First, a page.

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BPA to use stimulus bill borrowing authority for investments

Bonneville Power Administration announced a $3.25 billion increase in its borrowing authority -- included in the economic stimulus bill -- will support expanded capital investments in transmission, the federal hydropower system, energy efficiency, and fish and wildlife.

The increase in BPA's borrowing authority from the U.S. Treasury is included in the $787 billion American Recovery and Reinvestment Act, an economic stimulus bill signed by President Obama in February. (HNN 2/24/09)

BPA Administrator Stephen Wright noted borrowed money must be repaid with interest but said debt financing capital investments can help stimulate the economy without incurring substantial near-term rate impacts. Wright discussed the new borrowing authority in early March in a status report on BPA's financial situation.

Based on the new borrowing authority, BPA will build a major new transmission project -� the McNary-John Day 500-kilovolt transmission line. The $246 million line will run from BPA's substation at the Corps of Engineers' 980-MW McNary Dam, cross the Columbia River, and run parallel to the Columbia River for 75 miles, then cross back over the river, ending at BPA's substation at 2,160-MW John Day Dam.

BPA did not identify how it plans to use the new borrowing authority for the Federal Columbia River Power System, energy efficiency, and fish and wildlife. BPA, a not-for-profit federal electric utility, markets more than one-third of electricity consumed in the Pacific Northwest.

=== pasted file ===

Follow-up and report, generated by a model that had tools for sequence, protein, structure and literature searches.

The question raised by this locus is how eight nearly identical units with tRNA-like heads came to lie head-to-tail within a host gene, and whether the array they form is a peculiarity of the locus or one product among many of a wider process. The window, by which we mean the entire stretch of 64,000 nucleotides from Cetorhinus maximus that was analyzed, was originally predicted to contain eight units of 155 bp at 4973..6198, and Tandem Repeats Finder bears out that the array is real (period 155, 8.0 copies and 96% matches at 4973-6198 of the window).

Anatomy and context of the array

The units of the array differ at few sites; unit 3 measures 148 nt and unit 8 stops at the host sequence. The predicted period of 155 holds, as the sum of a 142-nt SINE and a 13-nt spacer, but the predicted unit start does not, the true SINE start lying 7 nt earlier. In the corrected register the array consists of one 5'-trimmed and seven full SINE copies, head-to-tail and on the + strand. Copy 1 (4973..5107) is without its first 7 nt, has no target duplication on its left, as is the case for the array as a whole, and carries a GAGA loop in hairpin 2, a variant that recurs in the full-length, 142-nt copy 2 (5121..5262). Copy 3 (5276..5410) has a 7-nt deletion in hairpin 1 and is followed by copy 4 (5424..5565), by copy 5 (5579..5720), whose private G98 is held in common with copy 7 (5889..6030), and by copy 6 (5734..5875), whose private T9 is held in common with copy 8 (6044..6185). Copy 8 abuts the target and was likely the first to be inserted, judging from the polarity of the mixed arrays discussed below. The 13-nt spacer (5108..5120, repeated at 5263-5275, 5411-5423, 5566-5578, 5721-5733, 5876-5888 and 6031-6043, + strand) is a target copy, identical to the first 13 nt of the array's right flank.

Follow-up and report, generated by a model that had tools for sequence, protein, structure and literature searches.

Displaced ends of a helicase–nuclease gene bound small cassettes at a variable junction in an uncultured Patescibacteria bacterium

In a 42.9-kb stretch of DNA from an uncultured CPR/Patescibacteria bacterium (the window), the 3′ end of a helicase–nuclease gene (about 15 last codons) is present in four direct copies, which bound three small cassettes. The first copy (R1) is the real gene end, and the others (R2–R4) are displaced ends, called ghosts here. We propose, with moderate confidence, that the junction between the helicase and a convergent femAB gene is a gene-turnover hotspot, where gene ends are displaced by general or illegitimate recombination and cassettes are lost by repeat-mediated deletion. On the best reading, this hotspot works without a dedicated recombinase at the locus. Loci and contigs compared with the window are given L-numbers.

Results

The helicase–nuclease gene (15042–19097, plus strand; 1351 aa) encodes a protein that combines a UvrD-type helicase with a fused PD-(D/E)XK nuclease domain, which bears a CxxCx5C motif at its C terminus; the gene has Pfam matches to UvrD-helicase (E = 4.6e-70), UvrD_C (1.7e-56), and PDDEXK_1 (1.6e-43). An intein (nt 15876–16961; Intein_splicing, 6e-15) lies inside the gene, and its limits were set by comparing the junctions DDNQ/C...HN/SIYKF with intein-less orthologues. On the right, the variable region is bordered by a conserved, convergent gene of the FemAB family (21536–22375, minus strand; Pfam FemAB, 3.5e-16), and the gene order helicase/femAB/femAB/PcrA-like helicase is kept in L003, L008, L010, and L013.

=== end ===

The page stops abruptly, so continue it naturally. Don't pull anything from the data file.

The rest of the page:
BPA forecasts dry water year

BPA said it is experiencing an unusual combination of low water and reduced prices, making it likely BPA will lose money for the fiscal year ending Sept. 30.

Below average precipitation fell across the Columbia River Basin during the winter of 2008-2009. February was particularly dry, BPA said. The current forecast is for 79 percent of average runoff from January through July. It now appears unlikely stream flows will recover to average this year, BPA said.

BPA said it expects secondary revenues -� from the sale of surplus power not needed to firm loads �- would be down sharply. When the 2009 fiscal year began Oct. 1, 2008, BPA projected it would make about $400 million in net secondary revenues this year. BPA's current forecast for net revenue from the sale of surplus power is $100 million, a roughly $300 million drop in projected revenue.

In February, BPA proposed its first wholesale power rate increase in six years, citing increased costs including the expense of salmon mitigation and of operating and maintaining its hydropower system. (HNN 2/17/09) If adopted, the rate proposal would begin in October.

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